New York

The Kipper Kids, Into the Box, Out of the Box

The Kipper Kids (a.k.a. Brian Routh and Martin von Haselberg) are the original bad boys of performance art. Nonsensical nuttiness was the Dadaesque raison d’être of this Los Angeles-based duo when they practiced their acts of infantile aggression in the serious Conceptual art context of the mid ’70s. Such antics were at most taboo-threatening, as when they burst baggies of realistic-looking fake excrement over their jockstrap-clad rears, and at least amusing in their acting-out of messy-children-at-play (i.e., slinging paint, spitting up partially chewed food, etc.), but their “forbidden” behavior had great shock value at the time. Now, after a period of relative inactivity, including almost ten years’ absence from the New York scene, they have brought their essentially unchanged act into a freewheeling ’80s situation that would appear to be more congenial to their work. However, like the neo-folkie bands that flourished in the psychedelic ’60s, the Kippers’ idea seemed to work better when they were bucking the cultural tide. These days, outrageous behavior on stage is a performance commonplace, from standup comedy to heavy-metal music. In their latest show, Into the Box, Out of the Box, the Kippers came off like amiable, almost sweet-tempered entertainers rather than the serious transgressors they were once considered to be.

As before, their routine was based on a manic, deconstructed form of British music-hall numbers. Singing old musical chestnuts at ridiculously fast speeds (“Shine on Harvest Moon,” “Roaming in the Gloaming,” “Tonight”), repeatedly bopping and jabbing each other like the Three Stooges, and making farting noises with their mouths throughout the entire performance, the Kippers worked their changes on English vaudeville’s traditional conceit of grownups acting like naughty children. Taking the notion to an extreme, they strove mightily to become truly offensive, staging food fights, donning outré outfits (jockstraps, T-shirts with balloon breasts underneath, and commedia-like false noses), and trying to gross out the audience (for instance, by exposing their genitals while singing “It’s only cock and balls, but you like it,” a takeoff on the Rolling Stones song). They began their performance in a gigantic Jack-in-the-box “house” with many openings through which the Kippers (and their various body parts) poked out and withdrew; they then climbed on top of the box and used it as a platform for a Laurel-and-Hardy-like ritualized routine of escalating abuse.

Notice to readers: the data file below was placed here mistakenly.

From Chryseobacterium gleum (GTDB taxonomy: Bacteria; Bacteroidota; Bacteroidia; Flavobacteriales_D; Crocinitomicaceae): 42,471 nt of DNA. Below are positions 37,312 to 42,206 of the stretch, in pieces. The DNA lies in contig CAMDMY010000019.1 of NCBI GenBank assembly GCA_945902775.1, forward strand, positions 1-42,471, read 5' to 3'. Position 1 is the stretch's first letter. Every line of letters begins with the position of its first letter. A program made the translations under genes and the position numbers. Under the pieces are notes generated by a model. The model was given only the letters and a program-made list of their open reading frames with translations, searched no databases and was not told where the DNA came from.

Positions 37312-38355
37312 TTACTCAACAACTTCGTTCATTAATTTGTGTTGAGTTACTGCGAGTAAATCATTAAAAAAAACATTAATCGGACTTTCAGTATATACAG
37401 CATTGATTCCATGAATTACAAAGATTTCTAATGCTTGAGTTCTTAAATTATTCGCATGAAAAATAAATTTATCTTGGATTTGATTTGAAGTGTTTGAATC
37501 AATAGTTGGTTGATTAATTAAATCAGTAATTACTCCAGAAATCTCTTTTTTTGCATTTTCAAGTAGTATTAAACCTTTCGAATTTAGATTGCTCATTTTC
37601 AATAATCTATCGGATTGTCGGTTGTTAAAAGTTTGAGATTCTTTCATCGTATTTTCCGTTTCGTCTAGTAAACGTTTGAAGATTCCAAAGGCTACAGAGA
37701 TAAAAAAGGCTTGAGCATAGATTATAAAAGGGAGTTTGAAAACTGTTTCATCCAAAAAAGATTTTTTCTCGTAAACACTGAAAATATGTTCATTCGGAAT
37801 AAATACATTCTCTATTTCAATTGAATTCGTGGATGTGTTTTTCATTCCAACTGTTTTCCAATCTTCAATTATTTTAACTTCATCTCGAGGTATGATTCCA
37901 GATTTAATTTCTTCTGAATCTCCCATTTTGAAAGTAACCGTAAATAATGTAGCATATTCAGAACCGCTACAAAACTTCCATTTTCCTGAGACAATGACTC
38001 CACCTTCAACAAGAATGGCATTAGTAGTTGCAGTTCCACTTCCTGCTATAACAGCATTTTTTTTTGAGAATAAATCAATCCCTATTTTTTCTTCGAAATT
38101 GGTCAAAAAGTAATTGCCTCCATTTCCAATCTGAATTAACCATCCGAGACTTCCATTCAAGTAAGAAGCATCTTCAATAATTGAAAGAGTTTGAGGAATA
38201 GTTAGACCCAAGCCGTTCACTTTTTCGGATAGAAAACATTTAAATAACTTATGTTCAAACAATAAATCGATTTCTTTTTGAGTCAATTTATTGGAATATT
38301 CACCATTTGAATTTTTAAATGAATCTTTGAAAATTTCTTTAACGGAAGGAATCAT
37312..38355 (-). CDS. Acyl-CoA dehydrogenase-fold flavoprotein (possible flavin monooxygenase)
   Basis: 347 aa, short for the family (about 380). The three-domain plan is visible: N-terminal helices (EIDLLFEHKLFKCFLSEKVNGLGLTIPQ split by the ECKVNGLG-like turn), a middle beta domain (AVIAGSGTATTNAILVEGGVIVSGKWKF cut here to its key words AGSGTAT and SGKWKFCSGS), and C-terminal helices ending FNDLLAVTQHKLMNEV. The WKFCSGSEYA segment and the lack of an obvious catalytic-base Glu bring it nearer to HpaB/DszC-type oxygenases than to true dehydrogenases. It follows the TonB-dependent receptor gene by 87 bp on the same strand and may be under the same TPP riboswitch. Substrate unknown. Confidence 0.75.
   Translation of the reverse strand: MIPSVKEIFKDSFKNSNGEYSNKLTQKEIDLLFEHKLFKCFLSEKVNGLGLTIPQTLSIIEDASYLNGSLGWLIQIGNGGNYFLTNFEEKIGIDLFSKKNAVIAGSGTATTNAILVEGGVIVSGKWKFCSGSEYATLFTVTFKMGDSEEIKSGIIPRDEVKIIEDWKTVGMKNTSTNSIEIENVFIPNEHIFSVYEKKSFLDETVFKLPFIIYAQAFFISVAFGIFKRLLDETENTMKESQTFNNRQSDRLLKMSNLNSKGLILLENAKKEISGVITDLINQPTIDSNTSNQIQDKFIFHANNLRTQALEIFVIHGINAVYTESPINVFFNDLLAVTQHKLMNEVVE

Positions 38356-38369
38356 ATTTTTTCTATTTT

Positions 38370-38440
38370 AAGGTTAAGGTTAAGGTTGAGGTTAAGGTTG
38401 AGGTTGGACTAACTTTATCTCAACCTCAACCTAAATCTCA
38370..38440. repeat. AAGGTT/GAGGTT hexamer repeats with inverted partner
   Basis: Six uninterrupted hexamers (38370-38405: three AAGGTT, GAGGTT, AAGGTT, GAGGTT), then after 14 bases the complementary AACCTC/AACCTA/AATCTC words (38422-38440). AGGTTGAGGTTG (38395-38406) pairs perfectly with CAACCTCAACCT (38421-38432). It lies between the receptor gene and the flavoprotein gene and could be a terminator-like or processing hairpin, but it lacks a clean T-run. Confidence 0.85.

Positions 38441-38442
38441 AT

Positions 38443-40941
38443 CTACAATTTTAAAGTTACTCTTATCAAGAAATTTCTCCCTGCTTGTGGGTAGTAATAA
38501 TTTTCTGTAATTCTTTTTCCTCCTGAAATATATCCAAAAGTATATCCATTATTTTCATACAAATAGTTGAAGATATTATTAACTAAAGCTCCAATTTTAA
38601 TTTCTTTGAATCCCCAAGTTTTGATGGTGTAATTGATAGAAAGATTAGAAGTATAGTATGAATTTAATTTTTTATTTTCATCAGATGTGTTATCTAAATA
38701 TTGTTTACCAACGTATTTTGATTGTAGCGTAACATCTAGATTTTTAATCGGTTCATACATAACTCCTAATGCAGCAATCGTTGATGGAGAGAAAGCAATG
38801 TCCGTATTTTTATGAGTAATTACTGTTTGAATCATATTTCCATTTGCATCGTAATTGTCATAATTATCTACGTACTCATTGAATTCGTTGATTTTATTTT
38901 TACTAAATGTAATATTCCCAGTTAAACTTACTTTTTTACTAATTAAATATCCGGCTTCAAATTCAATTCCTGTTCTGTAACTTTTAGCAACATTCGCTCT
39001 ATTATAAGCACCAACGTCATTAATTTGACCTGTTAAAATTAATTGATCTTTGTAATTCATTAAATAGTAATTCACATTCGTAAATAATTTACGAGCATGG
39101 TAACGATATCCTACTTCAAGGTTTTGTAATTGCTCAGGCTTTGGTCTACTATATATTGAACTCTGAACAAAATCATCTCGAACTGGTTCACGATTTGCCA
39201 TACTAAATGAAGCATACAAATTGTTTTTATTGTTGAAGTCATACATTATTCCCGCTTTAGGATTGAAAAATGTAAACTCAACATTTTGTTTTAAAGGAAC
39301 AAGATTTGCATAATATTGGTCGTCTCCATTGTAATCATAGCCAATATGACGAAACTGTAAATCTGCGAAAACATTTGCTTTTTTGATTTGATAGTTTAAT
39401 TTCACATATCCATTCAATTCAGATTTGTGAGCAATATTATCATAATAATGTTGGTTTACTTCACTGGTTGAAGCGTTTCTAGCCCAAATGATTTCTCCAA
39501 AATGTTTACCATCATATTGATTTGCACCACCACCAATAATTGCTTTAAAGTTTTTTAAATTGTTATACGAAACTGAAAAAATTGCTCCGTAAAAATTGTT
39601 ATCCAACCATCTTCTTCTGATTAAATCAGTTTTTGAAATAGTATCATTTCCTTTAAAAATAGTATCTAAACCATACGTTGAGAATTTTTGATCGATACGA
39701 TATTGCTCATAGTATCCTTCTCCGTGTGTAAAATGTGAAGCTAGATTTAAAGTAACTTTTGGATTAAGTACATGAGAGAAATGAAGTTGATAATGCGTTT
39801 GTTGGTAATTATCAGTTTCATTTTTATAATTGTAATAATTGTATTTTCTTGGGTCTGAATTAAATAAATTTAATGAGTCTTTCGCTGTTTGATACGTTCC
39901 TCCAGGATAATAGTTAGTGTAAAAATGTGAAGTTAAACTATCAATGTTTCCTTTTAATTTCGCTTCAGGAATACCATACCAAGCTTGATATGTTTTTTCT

The Kippers’ fast-paced, concise 35-minute show seemed a more polished, better-edited, and more consistently funny demonstration than the one I remember from their show here in 1978. Yet without the longueurs or awkward moments, without an intimate physical setting to heighten the sense of potentially embarrassing audience-performer interaction, without, in short, a sense of behavior whirling completely out of bounds, the Kipper Kids appeared to be models of amusing comedy. While that’s no mean feat in itself—and the Kippers are now, it’s clear, quite accomplished comedians, even when compared to mainstream “shock” comedy—the emotional subtext of infantile feelings conjured up in the early performances was missed. The edges of this “box” were carefully smoothed instead of cutting.

John Howell